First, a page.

In their original review back in 1995, the Gramophone complained about the pairing of Mahler's Sym. #3 and #6, but one can see Philips's reasoning. Ozawa's Mahler cycle was getting bad reviews, and with the acclaimed Jessye Norman to entice buyers, they might be willing to pay for the Sixth added as a single disc. The two readings date form live performances in 1992-93. The fact that Philips took eight years to roll out Ozawa's cycle indicates flagging enthusiasm. The cause isn't hard to find. Despite the virtues of great playing by the BSO and excellent sonics taped in Symphony Hall, Ozawa's Mahler tended to be mild-mannered, inconsistent, less than fully committed, and sometimes aimless.
Previous reviewers find these flaws displayed at their worst in the Sixth Sym., and I tend to agree. The first movement marches ahead in literal fashion with not much turbulence, much less tragic import. The Scherzo -- taken second -- contains some of Mahler's most withering writing, but Ozawa renders it toothless. He glosses over the moving Andante with a quick tempo and little feeling for the underlying emotions. The finale reverts to a sober literalism that renders the music too comfortable -- although it must be said that Haitink's recent account with the Chicago Sym. was even more plodding and got raves almost across the board.
The same reviewers here at Amazon who condemn the sixth want to snatch the Third out of the fire. I cannot disagree when it comes to Norman's singing; her sumptuous dark tone is ideal for the fourth movement, based on Nietzsche's mournful verse on the fate of mankind. She has only herself (in Abbado's first Mahler Third with the Vienna Phil. on DG) and Christa Ludwig to compete with for eloquence and rapturous singing. the fifth movement with boys' and women's chorus is also superb, the choral work as good as any on records, with Ozawa adding a light touch and buoyant rhythm. Norman is slightly staid but just as wonderful vocally. The melting lyricism of the finale brings forward the refined beauty in the strings of the BSO, and Ozawa finds a pace that sacrifices none of Mahler's sweet melancholy while still moving forward. the gentle, natural flow is very appealing. The great brass climax is given due intensity, also.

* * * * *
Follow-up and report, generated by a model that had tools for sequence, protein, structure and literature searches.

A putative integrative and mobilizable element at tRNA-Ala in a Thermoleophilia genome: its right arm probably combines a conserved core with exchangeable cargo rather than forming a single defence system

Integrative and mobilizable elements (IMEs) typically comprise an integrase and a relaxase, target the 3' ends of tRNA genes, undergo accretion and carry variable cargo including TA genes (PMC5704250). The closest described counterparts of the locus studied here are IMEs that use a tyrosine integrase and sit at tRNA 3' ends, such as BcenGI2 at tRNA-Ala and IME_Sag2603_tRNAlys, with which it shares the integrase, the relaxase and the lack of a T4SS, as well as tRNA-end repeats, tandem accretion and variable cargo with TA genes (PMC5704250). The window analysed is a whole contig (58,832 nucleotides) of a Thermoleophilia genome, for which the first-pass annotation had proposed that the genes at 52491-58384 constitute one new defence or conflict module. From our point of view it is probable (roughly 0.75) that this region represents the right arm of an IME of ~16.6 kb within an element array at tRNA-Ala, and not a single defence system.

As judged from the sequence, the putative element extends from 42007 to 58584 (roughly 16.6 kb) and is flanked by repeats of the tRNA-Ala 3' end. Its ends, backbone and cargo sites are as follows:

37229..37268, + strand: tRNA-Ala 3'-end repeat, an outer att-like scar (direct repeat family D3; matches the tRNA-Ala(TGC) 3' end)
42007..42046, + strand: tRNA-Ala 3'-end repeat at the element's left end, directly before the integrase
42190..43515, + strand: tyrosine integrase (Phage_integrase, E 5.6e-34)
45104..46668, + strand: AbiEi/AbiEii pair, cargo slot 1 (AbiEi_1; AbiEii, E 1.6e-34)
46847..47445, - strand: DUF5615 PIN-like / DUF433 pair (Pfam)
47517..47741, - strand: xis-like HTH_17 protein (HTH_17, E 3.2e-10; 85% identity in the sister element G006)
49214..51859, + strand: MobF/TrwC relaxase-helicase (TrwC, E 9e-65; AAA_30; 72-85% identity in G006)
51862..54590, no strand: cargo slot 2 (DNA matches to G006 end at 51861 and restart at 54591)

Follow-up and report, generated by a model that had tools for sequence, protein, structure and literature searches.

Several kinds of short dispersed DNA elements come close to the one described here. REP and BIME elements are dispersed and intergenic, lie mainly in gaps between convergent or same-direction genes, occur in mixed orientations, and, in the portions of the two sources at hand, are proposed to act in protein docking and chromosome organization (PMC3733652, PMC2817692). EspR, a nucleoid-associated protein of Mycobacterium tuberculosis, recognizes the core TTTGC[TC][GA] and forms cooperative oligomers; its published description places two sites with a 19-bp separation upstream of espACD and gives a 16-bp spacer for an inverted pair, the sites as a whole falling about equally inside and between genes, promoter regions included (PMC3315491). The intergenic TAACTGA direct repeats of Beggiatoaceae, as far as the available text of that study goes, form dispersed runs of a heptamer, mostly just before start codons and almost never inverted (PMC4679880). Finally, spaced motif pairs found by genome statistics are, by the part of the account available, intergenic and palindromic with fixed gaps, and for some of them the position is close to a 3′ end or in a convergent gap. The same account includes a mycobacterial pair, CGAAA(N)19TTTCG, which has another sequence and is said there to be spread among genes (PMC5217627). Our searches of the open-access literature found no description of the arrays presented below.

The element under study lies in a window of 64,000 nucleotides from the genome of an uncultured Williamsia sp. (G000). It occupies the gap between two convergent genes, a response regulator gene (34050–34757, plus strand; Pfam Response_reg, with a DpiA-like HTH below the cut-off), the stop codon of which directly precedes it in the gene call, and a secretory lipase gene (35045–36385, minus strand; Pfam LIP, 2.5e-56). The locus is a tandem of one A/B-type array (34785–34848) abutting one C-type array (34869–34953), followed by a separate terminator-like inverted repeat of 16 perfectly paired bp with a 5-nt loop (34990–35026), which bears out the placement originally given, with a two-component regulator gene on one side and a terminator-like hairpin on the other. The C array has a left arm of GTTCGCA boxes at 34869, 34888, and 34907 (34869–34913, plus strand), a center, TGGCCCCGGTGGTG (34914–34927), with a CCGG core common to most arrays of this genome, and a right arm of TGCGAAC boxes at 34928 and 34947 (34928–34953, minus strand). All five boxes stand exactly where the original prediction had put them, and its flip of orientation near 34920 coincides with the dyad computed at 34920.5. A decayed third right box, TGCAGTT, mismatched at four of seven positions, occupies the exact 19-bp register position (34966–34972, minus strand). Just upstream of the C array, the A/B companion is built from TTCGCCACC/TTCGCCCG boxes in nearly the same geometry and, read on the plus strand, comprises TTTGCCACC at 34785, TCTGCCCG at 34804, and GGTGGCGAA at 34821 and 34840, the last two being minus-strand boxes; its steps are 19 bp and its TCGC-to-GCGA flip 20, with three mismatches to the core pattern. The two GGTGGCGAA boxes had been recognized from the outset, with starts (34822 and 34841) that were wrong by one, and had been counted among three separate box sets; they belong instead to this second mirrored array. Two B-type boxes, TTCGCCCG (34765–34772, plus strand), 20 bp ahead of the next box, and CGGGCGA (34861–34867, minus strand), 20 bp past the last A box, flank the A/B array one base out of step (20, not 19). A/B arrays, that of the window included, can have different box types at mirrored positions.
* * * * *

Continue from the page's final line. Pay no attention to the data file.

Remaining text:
Are the three early movements up to this standard? In the first movement the variable Boston horn section comes through without difficulty, a good omen. But this massive movement is hard to hold together, and Ozawa resorts to a kind of literalism that marches from event to event without doing much else. On its own terms, however, it's very well executed, assuming that you don't mind having Mahler's highs and lows being trimmed off. Beauty of playing and a light touch deliver nicely in the second movement minuet, which is appealing in a graceful, balletic way. but for me, the touchstone of any Mahler Third is the captivating Wunderhorn world of the third movement. Ozawa enters trippingly, but he makes this rustic, highly imaginative music sound too polished; there's too much Mendelssohn and not enough Mahler. Not all the time, fortunately; the bumptious interjections are surprising and energetic. The very best thing is the famous posthorn interlude, which is delivered with haunting mystery and the kind of ease that never fails to bring tears.
The overall picture, then, is of a very bad bargain. Ozawa's Sixth is a detriment; his Third a very fine reading that has three movements to rival the best but three that are merely very good.